Dayle Kinch (pictured right with Matron Lisa Aston) was one of those people that made you smile, she had an energy and a sparkle that that you felt the minute you met her.

She worked in our hospitals for nearly 40 years – most of them based at the Horton General, and her love of talking meant that everyone knew her.

Four years ago she was diagnosed with breast cancer.

Through numerous operations and rounds of chemo and radiotherapy she kept working – and kept smiling.

And most of all she kept thinking of others.

Dayle rallied her family, friends and the local community in an ambitious fundraising campaign to help other local patients going through cancer – particularly those looked after at the Horton’s Brodey Centre.

She wanted to say thank you for the care she was receiving- which she described as ‘so personalised’, ‘really special’ and ‘with kindness throughout’ – fundraising was her thanking tool.

Over the last year Dayle and her ‘Brodey Bunch’ team raised an incredible £20,000 – they car booted, quizzed and climbed mountains together – making memories and raising money.

Their efforts meant the world to Dayle.

Dayle asked that the funds be used to buy two cooling caps for the unit. These are used during chemotherapy to help minimise hair loss, a side effect that can deeply affect cancer patients. She knew how important the psychological side of cancer was, and she wanted something tangible to help hundreds of patients.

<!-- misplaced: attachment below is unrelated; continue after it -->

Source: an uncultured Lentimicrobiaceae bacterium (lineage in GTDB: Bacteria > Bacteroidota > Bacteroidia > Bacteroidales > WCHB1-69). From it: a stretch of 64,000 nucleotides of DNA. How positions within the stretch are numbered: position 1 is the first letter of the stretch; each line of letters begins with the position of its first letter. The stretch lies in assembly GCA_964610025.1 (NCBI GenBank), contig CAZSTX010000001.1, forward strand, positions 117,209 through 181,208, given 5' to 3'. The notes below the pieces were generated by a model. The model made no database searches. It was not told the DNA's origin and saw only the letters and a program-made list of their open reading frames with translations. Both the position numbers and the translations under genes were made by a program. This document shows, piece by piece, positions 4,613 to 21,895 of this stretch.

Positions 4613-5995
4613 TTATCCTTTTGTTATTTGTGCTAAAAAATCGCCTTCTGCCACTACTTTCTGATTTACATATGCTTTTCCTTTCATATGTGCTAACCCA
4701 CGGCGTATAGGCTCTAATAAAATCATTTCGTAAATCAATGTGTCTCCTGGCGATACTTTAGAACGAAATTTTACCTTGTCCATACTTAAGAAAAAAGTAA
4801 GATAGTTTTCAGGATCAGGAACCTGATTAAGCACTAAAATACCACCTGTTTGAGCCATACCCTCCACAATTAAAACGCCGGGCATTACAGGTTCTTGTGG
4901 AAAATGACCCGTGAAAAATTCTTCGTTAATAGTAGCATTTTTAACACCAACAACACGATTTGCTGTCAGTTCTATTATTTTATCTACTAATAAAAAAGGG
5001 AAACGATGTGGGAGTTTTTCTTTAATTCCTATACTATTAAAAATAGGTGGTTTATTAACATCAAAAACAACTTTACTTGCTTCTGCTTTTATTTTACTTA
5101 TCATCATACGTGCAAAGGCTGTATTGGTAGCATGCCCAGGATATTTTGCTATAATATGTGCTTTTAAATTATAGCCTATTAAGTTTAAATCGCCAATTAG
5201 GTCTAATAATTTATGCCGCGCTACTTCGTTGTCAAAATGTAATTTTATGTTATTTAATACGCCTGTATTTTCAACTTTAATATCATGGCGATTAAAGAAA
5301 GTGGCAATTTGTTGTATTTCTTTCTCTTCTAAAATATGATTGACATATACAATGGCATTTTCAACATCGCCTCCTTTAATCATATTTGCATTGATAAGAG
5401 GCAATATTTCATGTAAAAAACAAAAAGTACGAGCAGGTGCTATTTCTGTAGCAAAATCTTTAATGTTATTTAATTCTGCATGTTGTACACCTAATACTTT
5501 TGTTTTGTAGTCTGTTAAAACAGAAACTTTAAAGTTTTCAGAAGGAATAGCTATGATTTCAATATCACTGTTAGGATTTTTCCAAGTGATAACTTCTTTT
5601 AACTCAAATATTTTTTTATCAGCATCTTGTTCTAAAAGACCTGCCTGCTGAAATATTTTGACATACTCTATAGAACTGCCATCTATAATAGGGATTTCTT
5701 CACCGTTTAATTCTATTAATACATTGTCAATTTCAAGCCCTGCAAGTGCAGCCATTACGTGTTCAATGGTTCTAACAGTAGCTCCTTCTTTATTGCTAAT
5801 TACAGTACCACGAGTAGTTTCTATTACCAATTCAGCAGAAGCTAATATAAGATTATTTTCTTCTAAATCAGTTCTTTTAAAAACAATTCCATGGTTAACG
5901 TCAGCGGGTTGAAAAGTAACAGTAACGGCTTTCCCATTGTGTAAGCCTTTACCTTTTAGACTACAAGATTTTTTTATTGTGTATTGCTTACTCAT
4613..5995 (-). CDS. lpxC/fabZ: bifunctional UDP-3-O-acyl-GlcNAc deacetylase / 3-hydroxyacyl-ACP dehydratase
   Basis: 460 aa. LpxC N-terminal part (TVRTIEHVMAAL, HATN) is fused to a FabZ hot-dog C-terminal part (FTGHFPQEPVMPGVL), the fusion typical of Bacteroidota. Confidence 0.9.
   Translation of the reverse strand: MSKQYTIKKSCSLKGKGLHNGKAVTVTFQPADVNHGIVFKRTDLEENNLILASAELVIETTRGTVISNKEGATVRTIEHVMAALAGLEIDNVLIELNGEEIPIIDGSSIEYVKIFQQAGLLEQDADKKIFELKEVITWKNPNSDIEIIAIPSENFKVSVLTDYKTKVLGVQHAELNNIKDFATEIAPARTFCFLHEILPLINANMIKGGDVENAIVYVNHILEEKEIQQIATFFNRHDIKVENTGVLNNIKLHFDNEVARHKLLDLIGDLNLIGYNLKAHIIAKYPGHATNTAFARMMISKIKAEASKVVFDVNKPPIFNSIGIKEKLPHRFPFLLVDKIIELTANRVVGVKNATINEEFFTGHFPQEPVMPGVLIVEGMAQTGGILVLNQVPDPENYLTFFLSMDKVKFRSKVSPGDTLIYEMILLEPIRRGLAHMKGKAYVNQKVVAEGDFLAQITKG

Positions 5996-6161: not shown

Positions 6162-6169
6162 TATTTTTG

Dayle passed away this July.

She knew how ill she was  - and even with that knowledge she continued to be thinking of others before herself.

Having raised so much for the Brodey Centre she wanted to do more.

Her sister in law, Chris told us: ‘Dayle worked as part of the Infection Control Team, where with proficiency, enthusiasm and dedication she provided outstanding care and service throughout. 

‘During the last 4 years Dayle lived gracefully and courageously with cancer and it was her wish that following on from the successful fundraising achieved for The Brodey Centre, that her family and friends continue with their quest to fundraise in her memory'.

‘Her wish was to fund extra training for the Infection Control Team to enable them to continue providing the high quality service that Dayle advocated’

You see, Dayle knew that the behind-the-scenes areas – like infection control – don’t tend to get many donations from the public. But she also knew how central they actually are to hospitals and how dedicated the teams who work in them are.

We think this is such a wonderful tribute to such an incredible lady.

Thank you Dayle – you are amazing.

To support Dayle’s last wishes visit: